• It is an important catechetical opportunity for the server.  They learn by doing—an example of experienced based learning for any educators that might be reading this.  They learn about the structure, flow, and the theology of the liturgy through, among other things, handling its symbols. For the Orthodox in particular, serving can increase the understanding of and connection to a celebration that is done for and with all believers but, because of the iconostasis[4], one in which many of the liturgical actions are rarely, if ever, seen or experienced by those in the congregation.  It is important for everyone to read about the liturgy and to participate as a member of the assembly.  But one can get a richer and deeper understanding of the service when they are able to observe and participate within the altar area.
  • Not allowing girls and women the opportunity to serve can have an adverse effect on their spiritual lives.  This is especially true of girls who want to serve and are told that they are not allowed to do so just because they are female.  Not only do they miss an intimate connection with the liturgy, but they are told that the gifts they offer are not welcome.  In as much as the Church can be the community within which we experience God, this rejection, which can be quite painful, may become an impediment to the growth of that relationship.  Furthermore, by seeing girls and women serve, girls who have not considered their own connection to and participation in the liturgy are drawn into it and can see themselves as part of the celebration rather than as categorically excluded from it.
  • Strengthen the integrity of the Church.  (Here, I direct my remarks to the Orthodox Church in particular, although the main point can be extrapolated to other contexts as well.)  In the Orthodox world in the United States, altar service is generally open to any and all boys, often regardless of ethical or moral considerations.  Despite rhetoric calling all to holiness and service, the implicit (or even, explicit) message is that maleness is the primary criterion for service and participation instead of what is valued in the faith.  At times, the “good” girls are left to wonder why they are not worthy of such service.  Re-evaluating the criteria for altar service can help to address this shortcoming.
  • The last reason that I will offer in the context of this post is that limiting altar service to males can also be spiritually unhealthy for boys and men as well.  It can lead to a false sense of entitlement that is antithetical to the Gospel message of humility in service to Christ and His Church.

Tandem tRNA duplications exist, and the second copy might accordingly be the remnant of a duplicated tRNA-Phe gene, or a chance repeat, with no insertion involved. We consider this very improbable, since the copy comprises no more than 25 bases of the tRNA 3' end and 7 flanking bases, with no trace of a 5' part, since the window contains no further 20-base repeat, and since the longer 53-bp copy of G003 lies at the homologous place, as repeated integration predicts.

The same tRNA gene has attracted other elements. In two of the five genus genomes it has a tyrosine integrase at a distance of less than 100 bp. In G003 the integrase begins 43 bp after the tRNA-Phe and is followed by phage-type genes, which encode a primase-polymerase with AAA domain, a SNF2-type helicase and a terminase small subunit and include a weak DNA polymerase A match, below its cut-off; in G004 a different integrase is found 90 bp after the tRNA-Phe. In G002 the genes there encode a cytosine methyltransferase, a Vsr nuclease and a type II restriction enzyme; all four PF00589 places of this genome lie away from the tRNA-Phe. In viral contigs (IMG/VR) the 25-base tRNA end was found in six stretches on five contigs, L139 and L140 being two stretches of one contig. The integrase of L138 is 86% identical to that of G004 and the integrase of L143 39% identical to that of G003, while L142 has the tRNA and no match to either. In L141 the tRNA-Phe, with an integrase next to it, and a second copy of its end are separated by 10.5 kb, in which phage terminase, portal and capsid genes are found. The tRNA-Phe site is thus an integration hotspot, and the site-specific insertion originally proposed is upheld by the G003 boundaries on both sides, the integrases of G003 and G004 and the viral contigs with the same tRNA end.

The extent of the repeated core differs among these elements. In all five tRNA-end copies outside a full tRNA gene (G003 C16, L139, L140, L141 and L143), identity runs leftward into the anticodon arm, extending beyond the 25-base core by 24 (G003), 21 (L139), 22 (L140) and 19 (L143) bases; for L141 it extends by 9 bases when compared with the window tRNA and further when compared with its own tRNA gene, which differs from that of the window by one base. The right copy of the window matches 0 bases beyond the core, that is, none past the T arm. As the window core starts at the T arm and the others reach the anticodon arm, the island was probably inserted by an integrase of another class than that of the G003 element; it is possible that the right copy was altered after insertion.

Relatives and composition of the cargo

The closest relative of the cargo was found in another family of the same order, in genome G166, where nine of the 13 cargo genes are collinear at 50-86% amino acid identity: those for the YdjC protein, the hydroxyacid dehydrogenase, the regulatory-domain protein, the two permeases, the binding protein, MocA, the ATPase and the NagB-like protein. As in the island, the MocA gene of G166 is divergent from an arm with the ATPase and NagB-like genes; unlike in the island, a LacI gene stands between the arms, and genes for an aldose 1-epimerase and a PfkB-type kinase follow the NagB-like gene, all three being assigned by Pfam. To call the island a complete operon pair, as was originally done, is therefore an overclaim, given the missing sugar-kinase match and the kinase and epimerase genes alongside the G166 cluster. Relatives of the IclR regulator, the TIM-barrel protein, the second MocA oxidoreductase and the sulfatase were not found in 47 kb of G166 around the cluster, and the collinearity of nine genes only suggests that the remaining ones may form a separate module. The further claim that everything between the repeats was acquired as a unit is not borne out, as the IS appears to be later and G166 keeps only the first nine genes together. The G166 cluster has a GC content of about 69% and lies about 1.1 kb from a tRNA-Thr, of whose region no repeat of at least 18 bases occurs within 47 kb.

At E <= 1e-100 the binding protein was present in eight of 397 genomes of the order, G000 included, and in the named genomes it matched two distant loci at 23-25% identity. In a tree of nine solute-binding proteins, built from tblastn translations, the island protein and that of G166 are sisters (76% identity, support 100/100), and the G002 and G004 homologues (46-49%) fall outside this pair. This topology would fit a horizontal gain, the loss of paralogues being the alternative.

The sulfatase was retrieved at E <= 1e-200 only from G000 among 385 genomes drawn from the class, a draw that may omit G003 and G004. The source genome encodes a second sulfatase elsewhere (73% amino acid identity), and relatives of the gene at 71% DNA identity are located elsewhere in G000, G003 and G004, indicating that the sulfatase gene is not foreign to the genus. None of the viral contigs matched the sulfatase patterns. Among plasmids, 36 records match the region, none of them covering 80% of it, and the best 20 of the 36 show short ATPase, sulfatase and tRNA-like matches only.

Altar service is just that—service.  It is a form of diaconal ministry that assists the celebrant during the liturgy.  By doing so, the server can learn about the liturgy and experience it on a kinesthetic level.  The liturgy is then written onto their bodies.  It is reductive and can be pastorally harmful to think that the only or primary criterion for this service is that the candidate be male. My prayer is that the Church will come understand the value of opening this service to all who wish to serve in this manner.  May it be so.

[1] This is less of an issue in the Anglican realm and many other Protestant communities as well as some other faith traditions, thus the focus on the Roman Catholic and Orthodox traditions, in particular.

[2] https://www.thecatholictelegraph.com/what-happened-to-the-minor-orders/53555.  Accessed on 7/29/2019.

[3] Paul Bradshaw, Rites of Ordination: Their History and Theology (Collegeville, Minn.: Liturgical Press, 2013), 82.  The technical distinction between cheriotonia (ordination to major orders)and cheriotheia (appointment or blessing to “minor” orders) developed over time.  A discussion of this development is beyond the scope of this blog post.

[4] The iconostasis in Orthodox churches is a screen of icons (whose height and transparency may vary) that separates the nave from the sanctuary—what is usually called the “altar area” or just, “the altar.”


  1. You mention that women serve as Eucharistic ministers… The correct term is “Extraordinary Minister of Holy Communion.”

  2. Thanks for this article. I definitely agree with your four reasons for not making service at the altar dependent on gender. When I was in full-time parish work as an associate, being in charge of the servers was one of my responsibilities. The catechetical benefits were obvious to me. The parish I was at had had girls as servers long before I got there, but had not in recent years had any adults, male or female. We decided to actively recruit a few, specifically for the evening Masses, and I was surprised and somewhat moved by the reactions of many of the women who finally had an opportunity to share their frustration at not having been allowed be “altar boys” as children and were now eager to join that ministry as adults.

    If I might quibble over a few points, though. //Ministeria quaedam// does not envisage the installation of lectors and acolytes to be reserved to seminarians, and I know one lay man who has been so instituted despite never having been in a formation program for ordination. The restriction of installations to men makes no sense to me in light of Paul VI’s desire to open these ministries up to people not in formation for ordination. Secondly, you might revise the word “groom.” To me at least, that word is now unavoidable linked with grooming a child for sexual exploitation and the verb doesn’t sit at all well in other contexts.

    1. “The restriction of installations to men makes no sense to me in light of Paul VI’s desire to open these ministries up to people not in formation for ordination.“